Alex Jones interview draws 3.5 million viewers

Jenna Warner
June 20, 2017

The decision to interview Jones was met with criticism from those arguing a mainstream outlet like NBC should not give a platform to a unsafe conspiracy theorist - but Kelly's tough questioning of Jones and some selective editing drew plaudits from skeptics who assumed Kelly would grant the Infowars host a puff piece.

NBC's Megyn Kelly defended her heavily criticized interview with conspiracy theorist Alex Jones by saying at the start of the Sunday broadcast of her program that the man who called a 2012 CT school massacre a hoax has the attention of President Donald Trump.

While Mr. Jones apologized in May for peddling two other baseless conspiracy theories - one involving a D.C. pizza parlor, the other an Idaho-based yogurt factory - he has not apologized for calling the Sandy Hook shooting a hoax and claims that his views on the tragedy have been misconstrued. But he continued to express doubts, saying that he looked at footage of children leaving the building and thought it looked like a "drill". "I've watched the footage", he said.

Even as viewers and advertisers balked at Jones' inclusion, NBC News defended the segment's journalistic value.

Regarding one statement he said on his show in 2014 - "The whole thing is a giant hoax". AFHV boasted an audience of 3.7 million viewers to Ms. Kelly's 3.5 million. Lawyers representing 12 people who lost loved ones in the Sandy Hook massacre wrote to the network and asked them not to air the interview.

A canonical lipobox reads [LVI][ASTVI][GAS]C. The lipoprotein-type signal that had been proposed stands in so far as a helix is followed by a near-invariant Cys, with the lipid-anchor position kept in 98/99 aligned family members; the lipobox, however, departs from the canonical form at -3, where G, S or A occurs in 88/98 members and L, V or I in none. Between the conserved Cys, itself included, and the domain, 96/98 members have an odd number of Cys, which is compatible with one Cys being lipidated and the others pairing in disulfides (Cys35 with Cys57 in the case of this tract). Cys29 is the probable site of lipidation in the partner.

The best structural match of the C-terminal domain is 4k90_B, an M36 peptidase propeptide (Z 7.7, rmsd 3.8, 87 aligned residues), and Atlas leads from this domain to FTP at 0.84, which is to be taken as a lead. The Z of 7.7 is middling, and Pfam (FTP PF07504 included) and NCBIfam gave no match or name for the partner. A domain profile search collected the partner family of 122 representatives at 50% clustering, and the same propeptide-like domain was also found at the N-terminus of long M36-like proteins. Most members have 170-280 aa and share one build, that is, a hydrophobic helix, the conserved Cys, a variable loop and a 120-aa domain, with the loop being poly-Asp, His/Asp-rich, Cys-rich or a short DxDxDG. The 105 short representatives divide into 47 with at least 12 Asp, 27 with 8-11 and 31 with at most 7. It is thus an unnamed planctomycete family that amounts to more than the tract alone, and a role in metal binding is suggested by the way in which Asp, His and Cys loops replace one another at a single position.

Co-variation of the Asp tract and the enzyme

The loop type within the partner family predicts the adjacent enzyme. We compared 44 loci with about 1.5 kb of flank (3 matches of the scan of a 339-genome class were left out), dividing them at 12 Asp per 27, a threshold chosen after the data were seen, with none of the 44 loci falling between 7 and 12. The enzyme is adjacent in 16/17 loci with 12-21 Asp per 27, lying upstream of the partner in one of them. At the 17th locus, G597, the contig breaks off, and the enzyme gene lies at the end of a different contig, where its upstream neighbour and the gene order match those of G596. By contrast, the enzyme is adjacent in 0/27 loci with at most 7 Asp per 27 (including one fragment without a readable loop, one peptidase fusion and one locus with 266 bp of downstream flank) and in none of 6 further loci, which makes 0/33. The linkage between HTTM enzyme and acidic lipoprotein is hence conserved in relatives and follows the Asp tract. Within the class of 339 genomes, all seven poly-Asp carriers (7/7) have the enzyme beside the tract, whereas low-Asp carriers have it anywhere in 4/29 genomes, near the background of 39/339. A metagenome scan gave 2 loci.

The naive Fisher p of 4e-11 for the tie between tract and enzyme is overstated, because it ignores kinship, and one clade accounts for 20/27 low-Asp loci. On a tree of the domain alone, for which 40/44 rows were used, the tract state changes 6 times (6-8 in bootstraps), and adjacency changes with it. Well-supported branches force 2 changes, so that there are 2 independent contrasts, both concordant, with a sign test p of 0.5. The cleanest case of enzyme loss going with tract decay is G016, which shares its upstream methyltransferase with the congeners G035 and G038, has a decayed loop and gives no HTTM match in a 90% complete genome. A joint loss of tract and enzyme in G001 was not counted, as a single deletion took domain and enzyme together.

Just 3.5 million people tuned into Sunday Night with Megyn Kelly, her lowest-rated episode yet in the three weeks she's been on the air. NBC News Chairman Andy Lack told the AP that the Jones story would be edited with its critics in mind. In the conversation, Kelly was heard promising she would not portray him as "some kind of boogeyman". The station was the only NBC affiliate that would not give airtime to the program, which devoted a 15-minute segment of its one-hour running time to Jones.

Before Bill O'Reilly's "exit" from Fox News, Kelly's salary at NBC made her the 6th highest paid TV host in the nation.

Merely sitting down with Jones did not go over well with Sandy Hook families and a few advertisers.

Other reports by Insurance News

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